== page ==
Dir: Wim Wenders. Germany-Italy-France. 2008. 124 mins.
Wim Wenders muses on love, death and his perennial bugbear, the ‘Crisis of the Image’ in The Palermo Shooting, a metaphysical thriller cum philosophical essay that marks another step on the downwards slope for this once-vital film-maker. Unwisely cast, leadenly written and ultimately farcical in its earnestness, The Palermo Shooting is a glossy travelogue-thriller with metaphysical pretentions, and one of the low points of this year’s Cannes Competition. Unlikely to fare well in the market, the film may also find festivals preferring to tactfully take a rain check.
An overbearingly-glossy first half centres on the travails of Finn, played by German rocker and moody scowler Campino. Finn is a successful photographer with a major reputation in the art world, but has a sideline working on slick fashion shoots with the likes of actor-model Milla Jovovich - seen here very pregnant and playing herself. Fascinated by digital photography and its possibilities for visual manipulation, Finn is accused by a high-minded student of betraying ‘real’ images. Meanwhile, he suffers from elaborate, vaguely Cocteau-esque nightmares involving his dead mother and a mysterious bald cloaked figure (Hopper), whose true identity isn’t too hard to guess.
After a close shave in his sports car, Finn wakes up in a tree, has a whimsical conversation with an amateur shepherd, then decides to visit Palermo, ostensibly to take more photos of Jovovich in a ‘real’ setting, but really to pursue his own metaphysical quest.
The second section sees Finn catching the sights of Sicily, dodging CGI arrows from a mysterious assailant, and getting to know Flavia (Mezzogiorno), a comely art restorer. Eventually, Finn comes face to face with his shiny-pated nemesis, a Grim Reaper in the tradition of Bergman’s The Seventh Seal - a jovially creepy spectre who turns out to have his own opinions about the implications of digital photography.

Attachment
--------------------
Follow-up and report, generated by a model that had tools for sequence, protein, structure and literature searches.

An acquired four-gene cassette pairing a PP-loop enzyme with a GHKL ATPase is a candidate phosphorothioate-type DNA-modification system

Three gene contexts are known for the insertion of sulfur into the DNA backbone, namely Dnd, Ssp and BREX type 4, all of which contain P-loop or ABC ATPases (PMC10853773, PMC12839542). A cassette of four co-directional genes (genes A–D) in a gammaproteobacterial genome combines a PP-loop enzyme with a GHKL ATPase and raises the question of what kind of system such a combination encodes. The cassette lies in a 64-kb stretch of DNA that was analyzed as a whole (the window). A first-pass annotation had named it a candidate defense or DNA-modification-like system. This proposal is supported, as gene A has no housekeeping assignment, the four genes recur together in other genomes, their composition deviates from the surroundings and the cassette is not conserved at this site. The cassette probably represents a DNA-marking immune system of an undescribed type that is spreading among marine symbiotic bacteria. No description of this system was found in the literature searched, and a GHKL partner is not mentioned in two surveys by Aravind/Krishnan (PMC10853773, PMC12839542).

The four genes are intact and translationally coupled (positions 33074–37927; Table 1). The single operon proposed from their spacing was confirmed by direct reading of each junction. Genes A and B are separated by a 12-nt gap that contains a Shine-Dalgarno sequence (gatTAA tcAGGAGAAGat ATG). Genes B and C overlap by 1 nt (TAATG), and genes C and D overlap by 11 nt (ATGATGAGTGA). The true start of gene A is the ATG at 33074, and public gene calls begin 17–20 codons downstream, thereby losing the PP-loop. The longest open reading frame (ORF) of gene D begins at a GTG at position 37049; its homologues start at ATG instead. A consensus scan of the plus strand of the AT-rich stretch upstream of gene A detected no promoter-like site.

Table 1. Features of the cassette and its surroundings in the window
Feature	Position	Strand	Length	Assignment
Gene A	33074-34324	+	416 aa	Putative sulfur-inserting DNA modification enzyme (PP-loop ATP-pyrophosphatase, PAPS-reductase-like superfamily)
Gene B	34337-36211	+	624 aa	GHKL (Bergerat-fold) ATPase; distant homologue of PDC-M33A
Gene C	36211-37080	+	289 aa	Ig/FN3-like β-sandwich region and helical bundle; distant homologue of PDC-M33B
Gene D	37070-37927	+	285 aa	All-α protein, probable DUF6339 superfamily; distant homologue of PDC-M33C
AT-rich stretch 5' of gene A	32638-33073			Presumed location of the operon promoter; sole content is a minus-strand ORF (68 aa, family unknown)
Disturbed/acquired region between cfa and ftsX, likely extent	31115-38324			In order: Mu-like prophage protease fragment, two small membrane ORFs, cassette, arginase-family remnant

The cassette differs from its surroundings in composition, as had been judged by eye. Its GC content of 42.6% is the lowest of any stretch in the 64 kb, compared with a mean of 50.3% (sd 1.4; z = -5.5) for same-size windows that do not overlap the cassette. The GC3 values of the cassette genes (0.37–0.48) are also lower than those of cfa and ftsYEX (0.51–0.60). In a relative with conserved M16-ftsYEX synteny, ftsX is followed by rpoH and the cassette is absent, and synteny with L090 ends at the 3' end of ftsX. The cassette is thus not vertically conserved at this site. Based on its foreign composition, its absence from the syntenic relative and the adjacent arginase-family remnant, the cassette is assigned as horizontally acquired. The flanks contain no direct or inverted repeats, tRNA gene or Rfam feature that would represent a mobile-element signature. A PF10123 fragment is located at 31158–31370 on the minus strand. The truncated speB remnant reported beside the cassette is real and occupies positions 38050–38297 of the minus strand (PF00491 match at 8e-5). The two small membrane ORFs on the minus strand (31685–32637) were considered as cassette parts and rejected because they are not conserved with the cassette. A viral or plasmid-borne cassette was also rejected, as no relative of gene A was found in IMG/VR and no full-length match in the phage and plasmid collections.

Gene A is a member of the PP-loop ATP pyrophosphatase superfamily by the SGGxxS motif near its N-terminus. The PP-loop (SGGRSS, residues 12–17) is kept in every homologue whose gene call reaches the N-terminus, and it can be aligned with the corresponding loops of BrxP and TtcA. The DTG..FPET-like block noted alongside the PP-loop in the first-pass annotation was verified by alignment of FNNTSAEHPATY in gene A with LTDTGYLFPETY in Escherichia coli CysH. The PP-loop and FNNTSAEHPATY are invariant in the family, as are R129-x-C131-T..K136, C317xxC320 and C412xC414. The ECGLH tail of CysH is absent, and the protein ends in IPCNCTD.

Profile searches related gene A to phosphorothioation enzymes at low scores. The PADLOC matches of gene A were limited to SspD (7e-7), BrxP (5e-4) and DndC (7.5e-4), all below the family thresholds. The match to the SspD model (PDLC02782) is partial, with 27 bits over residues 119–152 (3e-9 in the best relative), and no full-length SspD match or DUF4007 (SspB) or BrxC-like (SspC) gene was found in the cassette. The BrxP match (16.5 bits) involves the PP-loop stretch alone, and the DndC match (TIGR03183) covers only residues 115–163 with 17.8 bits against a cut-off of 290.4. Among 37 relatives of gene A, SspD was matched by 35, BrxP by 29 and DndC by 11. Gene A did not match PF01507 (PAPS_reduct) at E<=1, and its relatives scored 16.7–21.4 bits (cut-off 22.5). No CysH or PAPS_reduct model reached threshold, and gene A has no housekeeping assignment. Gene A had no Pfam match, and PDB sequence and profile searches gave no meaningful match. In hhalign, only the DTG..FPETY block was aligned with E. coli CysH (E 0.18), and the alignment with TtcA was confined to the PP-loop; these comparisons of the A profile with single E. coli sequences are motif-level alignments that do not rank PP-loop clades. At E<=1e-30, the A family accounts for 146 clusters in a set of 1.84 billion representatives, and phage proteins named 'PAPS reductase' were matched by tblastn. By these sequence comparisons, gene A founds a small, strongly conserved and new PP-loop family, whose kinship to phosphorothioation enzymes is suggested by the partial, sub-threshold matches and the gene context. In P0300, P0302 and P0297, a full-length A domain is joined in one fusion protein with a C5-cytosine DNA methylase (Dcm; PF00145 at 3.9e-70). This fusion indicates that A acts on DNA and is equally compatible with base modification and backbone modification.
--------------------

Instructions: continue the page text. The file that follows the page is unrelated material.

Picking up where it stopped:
Vaporous, tendentious and inescapably silly, the film livens up briefly when Dennis Hopper takes centre stage: he at least knows how to savour the script’s more ludicrous resonances. When Hopper’s Death complains, ‘Why do I always have to play the bad guy” he gives the film its only merited laugh, among many accidental ones (one of them provided by the cameo appearance of a spectral, hologram-like Lou Reed).
Wenders has often tended towards fashion victimhood, and the film’s first half sees him caught in an awkward quandary. Out to expose Finn’s world of false consciousness, he lards the film with glitzy hi-tech glamour, all the better to denounce it. But whether it’s Finn’s glacially modernist HQ, or the section featuring a smugly preening Jovovich, Wenders looks inescapably besotted with the textures he supposedly mistrusts. Yet the Sicily section, where the images are supposedly more ‘real’ (focusing on old stonework, Renaissance murals and grizzled market traders), comes across as hackneyed touristic colour. It doesn’t help to have locals dispense crackerbarrel banalities: ‘The soul of my city is death… The soul of my city is life.’
Campino is a glumly narcissistic presence, his discomfort more than matched by the coyly wooden Mezzogiorno. An end title dedicates the film to ‘Ingmar and Michelangelo’; nearly as sad as their passing is the fact that Wenders’s once-considerable talent now seems virtually a lost cause. But he can still pick a decent jukebox-style soundtrack, and some redeeming interest is provided by the modish alt.rock likes of Beirut, Bonnie ‘Prince’ Billy and Calexico in heavy rotation.
Production companiesNeue Road
POR Sicilia - Regione Siciliana
AAPIT - Provincia Regionale di Palermo
ARTE French Cinema
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Director of photography